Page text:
ARLINGTON, VA.: The most desired consumer electronics gifts this holiday will be wireless products, according to the Consumer Electronics Association, “fueling consumer demand for devices that need additional spectrum for wireless broadband.” The CEA ran it’s 18th annual holiday buying study, examining the expected purchase patterns of consumers shopping for Christmas gifts. The top picks were tablet computers, notebooks and laptops and e-readers.
Consumer electronics of all types are expected to account for one-third of all holiday spending this year. Consumers plan to spend, on average, $246 on electronics gifts, an increase of 6 percent from last year and the highest level since CEA began tracking holiday spending, the lobby said. Computing products will lead the way, with tablets, notebook/laptops and e-readers, all wirelessly connected devices, in the top five of adults holiday electronics wish list. Tablets and notebooks/laptops trail only clothes on adults overall holiday wish list. In 2011, CEA estimates manufacturers in the United States will ship more than 72 million devices with wireless broadband capability.
“The products consumers want most this holiday all require spectrum to deliver Internet content,” said Julie Kearney, CEA’s vice president of regulatory affairs. “Congress must pass legislation to free up much needed spectrum so consumers can use these innovative technologies without limitations this holiday.”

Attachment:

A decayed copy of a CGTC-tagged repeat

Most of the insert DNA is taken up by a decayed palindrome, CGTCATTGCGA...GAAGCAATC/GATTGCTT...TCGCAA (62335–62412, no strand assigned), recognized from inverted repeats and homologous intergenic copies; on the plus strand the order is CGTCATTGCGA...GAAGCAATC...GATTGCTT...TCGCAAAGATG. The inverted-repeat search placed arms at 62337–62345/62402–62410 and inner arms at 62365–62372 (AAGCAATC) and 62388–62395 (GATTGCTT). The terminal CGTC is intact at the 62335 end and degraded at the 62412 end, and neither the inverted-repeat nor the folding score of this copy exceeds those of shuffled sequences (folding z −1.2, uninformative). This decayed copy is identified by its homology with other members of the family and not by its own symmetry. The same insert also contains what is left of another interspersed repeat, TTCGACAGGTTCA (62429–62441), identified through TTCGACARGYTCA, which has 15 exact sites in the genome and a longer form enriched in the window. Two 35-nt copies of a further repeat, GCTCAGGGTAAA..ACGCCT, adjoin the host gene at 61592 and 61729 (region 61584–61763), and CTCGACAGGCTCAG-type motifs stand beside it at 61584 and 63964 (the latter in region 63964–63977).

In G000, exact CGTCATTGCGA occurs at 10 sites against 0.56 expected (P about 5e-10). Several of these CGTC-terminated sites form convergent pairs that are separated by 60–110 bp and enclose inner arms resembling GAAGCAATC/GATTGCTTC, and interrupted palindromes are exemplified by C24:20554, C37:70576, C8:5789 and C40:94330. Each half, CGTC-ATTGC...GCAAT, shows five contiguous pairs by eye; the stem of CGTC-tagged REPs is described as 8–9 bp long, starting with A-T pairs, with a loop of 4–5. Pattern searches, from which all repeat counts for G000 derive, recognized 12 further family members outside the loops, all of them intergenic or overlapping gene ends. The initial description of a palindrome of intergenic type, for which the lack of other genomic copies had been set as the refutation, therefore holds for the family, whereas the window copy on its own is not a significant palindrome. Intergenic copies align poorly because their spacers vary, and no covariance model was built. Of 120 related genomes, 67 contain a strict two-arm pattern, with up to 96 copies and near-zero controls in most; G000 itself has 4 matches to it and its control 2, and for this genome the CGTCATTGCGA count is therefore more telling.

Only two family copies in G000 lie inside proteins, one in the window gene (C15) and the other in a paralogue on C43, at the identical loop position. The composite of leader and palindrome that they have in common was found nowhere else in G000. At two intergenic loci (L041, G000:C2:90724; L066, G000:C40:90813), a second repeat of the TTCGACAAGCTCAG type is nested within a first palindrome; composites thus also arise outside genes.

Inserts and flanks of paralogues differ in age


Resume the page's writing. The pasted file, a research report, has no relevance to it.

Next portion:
CEA said the rapid penetration and rising popularity of tablets, e-readers and smartphones will also lead consumers to give content and services as gifts this year. One in four consumers plan to give gift cards that can be used for digital music purchases; one in five for electronic book purchases (up 7 percent from last year), 16 percent for app purchases, 14 percent for online gaming purchases and 13 percent for digital movie or TV show purchases. Movie rental/streaming subscriptions will also be the most-gifted subscription services with 13 percent of U.S. adults planning to give them.
“The facts are overwhelming. Broadcasters are sitting on broad swaths of underutilized spectrum despite the demand for mobile connected devices surging, as this holiday season demonstrates,” said Kearney. “Auctions are a win-win for consumers, broadcasters and the U.S. government. Consumers will get much needed and more reliable spectrum for their wireless devices, tens of thousands of new jobs will be created and billions of dollars will be raised to help cut the federal deficit.”
-- Television Broadcast
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